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Monday, June 05, 2006

Book Review: Sprawltown

Sprawltown: Looking for the City on Its Edges by Richard Ingersoll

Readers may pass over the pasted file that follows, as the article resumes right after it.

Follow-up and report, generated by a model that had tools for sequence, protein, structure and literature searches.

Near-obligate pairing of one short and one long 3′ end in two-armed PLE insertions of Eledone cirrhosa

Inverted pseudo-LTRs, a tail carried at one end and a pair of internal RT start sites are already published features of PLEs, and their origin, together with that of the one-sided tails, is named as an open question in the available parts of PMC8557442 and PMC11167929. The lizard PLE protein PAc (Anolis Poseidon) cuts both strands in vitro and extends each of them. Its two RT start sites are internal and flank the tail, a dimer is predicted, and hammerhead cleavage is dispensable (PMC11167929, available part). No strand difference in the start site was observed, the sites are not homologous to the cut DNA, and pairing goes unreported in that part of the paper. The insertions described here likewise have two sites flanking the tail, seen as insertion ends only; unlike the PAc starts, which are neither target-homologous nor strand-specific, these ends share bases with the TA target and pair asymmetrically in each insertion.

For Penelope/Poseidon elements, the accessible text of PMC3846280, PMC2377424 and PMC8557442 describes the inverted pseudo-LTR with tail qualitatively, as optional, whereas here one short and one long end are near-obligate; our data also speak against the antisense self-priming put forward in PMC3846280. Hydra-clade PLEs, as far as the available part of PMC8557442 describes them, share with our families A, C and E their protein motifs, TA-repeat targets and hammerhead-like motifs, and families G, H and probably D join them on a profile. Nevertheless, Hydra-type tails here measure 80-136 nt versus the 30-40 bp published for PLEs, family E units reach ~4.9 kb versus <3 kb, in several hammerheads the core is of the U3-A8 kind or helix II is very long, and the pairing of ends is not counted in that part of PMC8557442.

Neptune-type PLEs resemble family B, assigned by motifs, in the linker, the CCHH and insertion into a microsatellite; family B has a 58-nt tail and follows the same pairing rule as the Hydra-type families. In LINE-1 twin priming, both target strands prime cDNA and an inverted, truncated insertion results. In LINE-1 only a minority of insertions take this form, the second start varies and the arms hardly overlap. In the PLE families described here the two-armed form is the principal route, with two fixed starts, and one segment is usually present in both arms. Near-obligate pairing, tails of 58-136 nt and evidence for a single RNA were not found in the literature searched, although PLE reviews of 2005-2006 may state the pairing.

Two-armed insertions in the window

In this short book on the all-too-popular subject of sprawl, Richard Ingersoll adopts a critical stance not towards its existence but towards its future. Five chapters propose various ways of looking at the peripheral condition that is now ubiquitous in America and much of the rest of the Modern world: sprawl as its own ecology; the relationship between tourism and terrorism; "Jump-cut Urbanism", or a cinematic view of the condition; and the artistic view of infrastructure. Each chapter sticks to a consistent outline of stating a problem, touching on personalities in the past that tackled the problem, and then proposing ways of improving sprawl through an appropriate tactic. This last is becoming a common approach as architects and planners realize that sprawl is an inevitable condition that can't be abated by their criticism and grumblings, though the author acknowledges that environmental factors, more than human, will push us to change our ways. What that future may be is hinted in the book's title, where instead of a just an unfocused visual frame out our car window (sprawl), we might just see sprawl turn into something with roots (town), perhaps evolving a new entity that even early planners couldn't foresee.

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